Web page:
Everyday God, My Life with God

The Games We Play

photo-1530328411047-7063dbd29029We often set God up.

  • We assume if the door is open, it’s God who opened it, so we walk through and declare it as God’s will. Won’t God stop us if we’re going somewhere we’re not supposed to go?
  • We assume that as long as something isn’t admonished in Scripture, it’s something God will provide for us. After all, doesn’t God want us to be happy?
  • We claim prayers have been answered when what we want matches what seems to be happening, as if God only answers prayers in the affirmative.

We get biblical and cultural messages mixed up, assuming God must be held to timeframes, provisional standards, and individual rights. Think about it for a moment. Do you have a right to…

  • a job (one you enjoy)?
  • income (what provides you with what you want)?
  • a place to live (with enough space to insure your comfort)?
  • food (with choices, whether nutritional or not)?
  • relationships (that challenge, appease, confirm you)?
  • a vacation, retirement, transportation, shopping options, children, coffee, internet access, Facebook, a new outfit, safety, appreciation, recognition, education, religious choices, political choices, healthcare choices, choices about anything and everything?

Even when we graciously accept something or someone as a blessing in our lives, it often doesn’t take long before the blessing morphs into a presumptive provision.

  • “Thank you, God, for this job!” becomes “Really, God? How much longer am I going to have to deal with these people for this pay?”
  • “Thank you, God, for this paycheck.” becomes “I don’t know how I’m going to make it on this pay. I’ve cut out everything I can possibly cut out of the budget!” (…said over a Facebook message via a smartphone while sitting on the couch watching television and eating food picked up at the drive-thru on the personally-driven commute home from work)
  • “Thank you, God, for the love of my life!” becomes “If he smacks his gum one more time….!”

We’re not the first generation or culture to struggle with this whole blessing/right thing. It’s throughout Scriptures! Consider the Israelites from the time Moses announced God would deliver them from Egypt to the time they actually left through the many years in the wilderness and finally settled into Canaan.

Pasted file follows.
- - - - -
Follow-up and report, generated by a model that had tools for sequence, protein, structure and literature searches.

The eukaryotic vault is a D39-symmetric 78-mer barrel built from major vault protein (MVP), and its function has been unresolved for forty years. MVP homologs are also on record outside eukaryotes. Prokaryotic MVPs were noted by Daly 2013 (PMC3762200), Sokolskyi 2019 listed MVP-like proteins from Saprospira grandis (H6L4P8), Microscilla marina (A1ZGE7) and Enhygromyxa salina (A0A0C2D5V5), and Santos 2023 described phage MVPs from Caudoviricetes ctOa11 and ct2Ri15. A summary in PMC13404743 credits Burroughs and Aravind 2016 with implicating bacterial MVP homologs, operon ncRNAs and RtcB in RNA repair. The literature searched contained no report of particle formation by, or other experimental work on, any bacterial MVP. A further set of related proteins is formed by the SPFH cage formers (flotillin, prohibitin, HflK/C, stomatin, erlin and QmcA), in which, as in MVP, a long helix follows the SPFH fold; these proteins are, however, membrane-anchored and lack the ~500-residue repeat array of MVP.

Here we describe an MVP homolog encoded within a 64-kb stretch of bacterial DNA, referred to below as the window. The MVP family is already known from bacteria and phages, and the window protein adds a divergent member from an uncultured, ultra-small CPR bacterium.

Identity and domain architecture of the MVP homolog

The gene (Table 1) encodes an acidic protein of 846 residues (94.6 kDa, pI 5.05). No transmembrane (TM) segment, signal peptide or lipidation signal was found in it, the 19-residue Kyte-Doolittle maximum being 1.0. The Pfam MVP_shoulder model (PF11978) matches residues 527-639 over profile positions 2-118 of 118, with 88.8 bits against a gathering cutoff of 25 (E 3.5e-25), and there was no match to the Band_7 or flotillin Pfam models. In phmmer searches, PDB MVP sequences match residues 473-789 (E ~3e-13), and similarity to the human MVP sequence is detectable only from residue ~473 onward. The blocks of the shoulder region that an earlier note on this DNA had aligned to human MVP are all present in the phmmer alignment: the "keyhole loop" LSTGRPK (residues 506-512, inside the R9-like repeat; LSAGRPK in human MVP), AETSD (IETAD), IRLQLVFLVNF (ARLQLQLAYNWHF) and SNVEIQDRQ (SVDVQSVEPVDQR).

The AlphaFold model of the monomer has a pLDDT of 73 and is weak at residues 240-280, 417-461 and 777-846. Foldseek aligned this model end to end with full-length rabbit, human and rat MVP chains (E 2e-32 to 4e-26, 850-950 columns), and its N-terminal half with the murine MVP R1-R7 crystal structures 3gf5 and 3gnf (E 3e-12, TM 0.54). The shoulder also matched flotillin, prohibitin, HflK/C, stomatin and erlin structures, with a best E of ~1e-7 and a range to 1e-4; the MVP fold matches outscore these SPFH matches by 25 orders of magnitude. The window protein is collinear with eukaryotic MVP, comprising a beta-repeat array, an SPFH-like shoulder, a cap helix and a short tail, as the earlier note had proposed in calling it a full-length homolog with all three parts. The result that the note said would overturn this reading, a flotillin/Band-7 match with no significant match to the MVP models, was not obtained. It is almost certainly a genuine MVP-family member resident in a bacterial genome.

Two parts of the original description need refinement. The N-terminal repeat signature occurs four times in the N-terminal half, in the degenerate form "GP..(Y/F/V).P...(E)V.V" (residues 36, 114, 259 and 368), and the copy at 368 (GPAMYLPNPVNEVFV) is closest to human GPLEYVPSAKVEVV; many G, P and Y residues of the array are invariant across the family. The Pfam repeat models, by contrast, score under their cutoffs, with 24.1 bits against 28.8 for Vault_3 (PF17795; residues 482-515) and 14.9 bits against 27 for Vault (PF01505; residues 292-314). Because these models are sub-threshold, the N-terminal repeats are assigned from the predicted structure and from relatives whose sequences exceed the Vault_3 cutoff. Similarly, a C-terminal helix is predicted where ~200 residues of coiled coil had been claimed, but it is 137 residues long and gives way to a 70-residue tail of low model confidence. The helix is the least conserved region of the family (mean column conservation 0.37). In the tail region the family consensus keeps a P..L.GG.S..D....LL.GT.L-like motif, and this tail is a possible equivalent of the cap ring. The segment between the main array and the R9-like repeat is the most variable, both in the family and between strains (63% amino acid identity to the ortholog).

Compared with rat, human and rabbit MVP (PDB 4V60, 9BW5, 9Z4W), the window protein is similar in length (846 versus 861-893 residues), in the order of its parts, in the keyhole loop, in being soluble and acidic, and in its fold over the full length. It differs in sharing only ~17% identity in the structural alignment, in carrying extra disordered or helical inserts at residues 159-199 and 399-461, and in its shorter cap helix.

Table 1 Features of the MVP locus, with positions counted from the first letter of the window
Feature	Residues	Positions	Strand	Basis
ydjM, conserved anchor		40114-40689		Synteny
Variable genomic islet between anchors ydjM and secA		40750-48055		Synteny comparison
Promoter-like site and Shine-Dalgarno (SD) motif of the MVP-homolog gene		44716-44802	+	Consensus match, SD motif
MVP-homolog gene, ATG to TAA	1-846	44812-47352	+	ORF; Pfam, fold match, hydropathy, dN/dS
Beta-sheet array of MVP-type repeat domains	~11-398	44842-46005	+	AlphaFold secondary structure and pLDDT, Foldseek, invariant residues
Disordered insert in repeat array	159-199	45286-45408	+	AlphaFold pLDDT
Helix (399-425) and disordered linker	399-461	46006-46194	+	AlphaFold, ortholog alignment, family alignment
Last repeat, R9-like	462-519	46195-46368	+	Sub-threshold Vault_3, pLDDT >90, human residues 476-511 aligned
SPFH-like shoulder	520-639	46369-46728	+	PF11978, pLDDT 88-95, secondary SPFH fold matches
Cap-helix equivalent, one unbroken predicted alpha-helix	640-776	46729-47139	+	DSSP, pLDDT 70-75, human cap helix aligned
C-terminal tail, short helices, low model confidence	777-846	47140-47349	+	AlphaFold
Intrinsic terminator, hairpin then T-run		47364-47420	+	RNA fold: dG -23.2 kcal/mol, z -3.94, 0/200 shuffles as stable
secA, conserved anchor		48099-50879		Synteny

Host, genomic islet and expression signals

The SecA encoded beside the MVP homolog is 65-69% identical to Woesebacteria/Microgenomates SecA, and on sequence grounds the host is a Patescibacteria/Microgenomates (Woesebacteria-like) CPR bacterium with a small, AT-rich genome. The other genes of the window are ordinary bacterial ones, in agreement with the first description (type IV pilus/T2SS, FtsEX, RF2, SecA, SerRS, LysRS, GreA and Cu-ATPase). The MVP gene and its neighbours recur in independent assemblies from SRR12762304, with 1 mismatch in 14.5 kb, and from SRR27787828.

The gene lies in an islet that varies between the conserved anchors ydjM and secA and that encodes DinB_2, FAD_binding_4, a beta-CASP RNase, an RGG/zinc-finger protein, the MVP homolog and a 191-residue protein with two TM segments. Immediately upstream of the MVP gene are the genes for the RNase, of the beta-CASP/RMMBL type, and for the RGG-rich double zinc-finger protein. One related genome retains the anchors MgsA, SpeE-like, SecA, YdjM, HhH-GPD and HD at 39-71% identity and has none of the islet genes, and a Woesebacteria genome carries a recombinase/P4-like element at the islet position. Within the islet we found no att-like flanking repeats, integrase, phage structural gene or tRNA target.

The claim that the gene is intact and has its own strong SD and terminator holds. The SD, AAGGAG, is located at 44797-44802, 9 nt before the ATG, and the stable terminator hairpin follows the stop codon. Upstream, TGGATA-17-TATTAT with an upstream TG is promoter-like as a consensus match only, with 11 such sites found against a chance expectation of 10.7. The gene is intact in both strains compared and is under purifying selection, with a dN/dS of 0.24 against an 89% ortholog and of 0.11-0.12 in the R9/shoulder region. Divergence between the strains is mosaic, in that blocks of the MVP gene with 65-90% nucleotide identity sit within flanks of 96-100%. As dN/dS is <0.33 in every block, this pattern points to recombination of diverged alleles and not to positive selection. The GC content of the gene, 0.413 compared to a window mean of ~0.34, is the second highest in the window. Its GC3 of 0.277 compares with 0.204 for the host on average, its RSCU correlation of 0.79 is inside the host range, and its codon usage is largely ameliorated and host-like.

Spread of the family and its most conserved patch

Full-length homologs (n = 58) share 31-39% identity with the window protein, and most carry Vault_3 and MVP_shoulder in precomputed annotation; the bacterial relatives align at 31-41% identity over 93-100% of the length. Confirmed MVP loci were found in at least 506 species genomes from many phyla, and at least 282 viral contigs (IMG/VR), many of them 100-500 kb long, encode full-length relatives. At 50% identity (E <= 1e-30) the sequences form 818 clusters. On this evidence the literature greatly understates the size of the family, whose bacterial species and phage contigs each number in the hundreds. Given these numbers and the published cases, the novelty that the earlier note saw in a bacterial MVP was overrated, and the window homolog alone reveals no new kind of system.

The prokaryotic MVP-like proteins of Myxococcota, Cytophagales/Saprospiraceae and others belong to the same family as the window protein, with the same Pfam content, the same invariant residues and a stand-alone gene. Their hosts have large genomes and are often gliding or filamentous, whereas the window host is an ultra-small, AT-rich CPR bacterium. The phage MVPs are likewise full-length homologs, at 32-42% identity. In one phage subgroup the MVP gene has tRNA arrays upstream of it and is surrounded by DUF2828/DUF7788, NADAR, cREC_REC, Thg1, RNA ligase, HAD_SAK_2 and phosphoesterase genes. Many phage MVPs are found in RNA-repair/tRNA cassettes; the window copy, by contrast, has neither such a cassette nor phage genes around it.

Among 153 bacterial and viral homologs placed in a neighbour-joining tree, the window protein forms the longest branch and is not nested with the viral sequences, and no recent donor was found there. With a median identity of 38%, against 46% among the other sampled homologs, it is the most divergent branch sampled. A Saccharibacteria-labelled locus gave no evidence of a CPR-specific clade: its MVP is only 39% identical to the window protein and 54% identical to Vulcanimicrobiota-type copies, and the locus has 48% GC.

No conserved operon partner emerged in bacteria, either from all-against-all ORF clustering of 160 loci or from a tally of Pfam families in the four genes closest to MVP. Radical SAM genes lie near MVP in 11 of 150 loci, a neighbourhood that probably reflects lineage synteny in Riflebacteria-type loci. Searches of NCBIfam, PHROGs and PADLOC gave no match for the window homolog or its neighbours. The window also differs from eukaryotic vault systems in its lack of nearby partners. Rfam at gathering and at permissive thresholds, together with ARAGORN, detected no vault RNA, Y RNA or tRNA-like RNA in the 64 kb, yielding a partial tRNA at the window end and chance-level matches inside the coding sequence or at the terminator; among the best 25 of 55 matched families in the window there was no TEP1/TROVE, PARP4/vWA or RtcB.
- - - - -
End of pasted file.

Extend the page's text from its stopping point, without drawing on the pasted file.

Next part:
Thankfulness? Check.

Ungratefulness? Check.

Praise? Check.

Curse? Check.

Obey? Check.

Disobey? Check.

Seek God? Check.

Ignore God. Check.

I have no scientific proof, but I’d venture to assume we blame God more than we give him credit. We don’t praise him nearly enough for who he is, what he provides, and how he guides, so the credit columns of our balance sheets are hauntingly bare. Yet we have no trouble crying out with anger, frustration, and despair when we wonder why something would happen, where God is in a situation, or how we can possibly feel so isolated and lonely!

We have hundreds, if not thousands, of opportunities to choose God every day. And we love to have choices, so why do we struggle with choosing God? He’s not silent. He’s not playing a game of hide-and-seek. He’s present where you are, where you’ve been, and where you’re going. Maybe you just don’t want to choose God. You’d rather worship your right to choose. God will allow your choice. He loves you too much to force you to love him. You likely don’t realize how much he loves you and is passionately pursuing you, mainly because you don’t want to see and acknowledge him. Choose your god of choice over God, and God will painfully let your choices play out.

However, you might want to choose God but struggle with how to do so. You’re faced with so many small choices every day, not to mention the big ones. Which way is God’s way? Even when you know God’s boundaries of good and bad, there seem to be so many other choices—often between good and good. So, what’s the right answer?

Know God.

We seek the answer to a question. We want the next steps. We want a method or technique. We want a solution.

Know God.

Knowing God focuses on the relationship instead of the method. God is clear that relationship trumps legalism. Seeking God is more important than seeking God’s will. Knowing God is more important than knowing God’s plan.

Relying on a Person means you’re going to give some things up, such as your expectations, your timetable, and your agenda. But when you respond in every moment and situation with a determined intent to know God, the big issues of your life are seen against the backdrop of the cross, and the small details of your life are seen against the backdrop of the cross. Everything takes on a clearer perspective.

2 thoughts on “The Games We Play”

  1. We so quickly forget that God doesn’t really promise material things — beyond meeting basic needs. We say God has blessed us with a good job, health, a nice home, etc. When I hear that I think of very Godly people who live in extreme poverty, are out of work, or have deadly, painful diseases. Does that mean they aren’t blessed? The Bible says we are blessed when we are meek, mourning, and even persecuted for righteousness sake. I do believe God puts into places where we are most likely to be helpful to him, but I struggle to believe that the things we claim are blessings are really what we think they are! Are we trading a reward in this world for an eternal reward?

    Liked by 1 person

    1. Yes. I think we often want to tie the wrong things to God when his economy, justice, etc., is so much beyond our understanding. His blessings and grace are so much more than our understanding as well. I struggle to accept what I cannot grasp at times. But perhaps that’s what faith involves. 🙂


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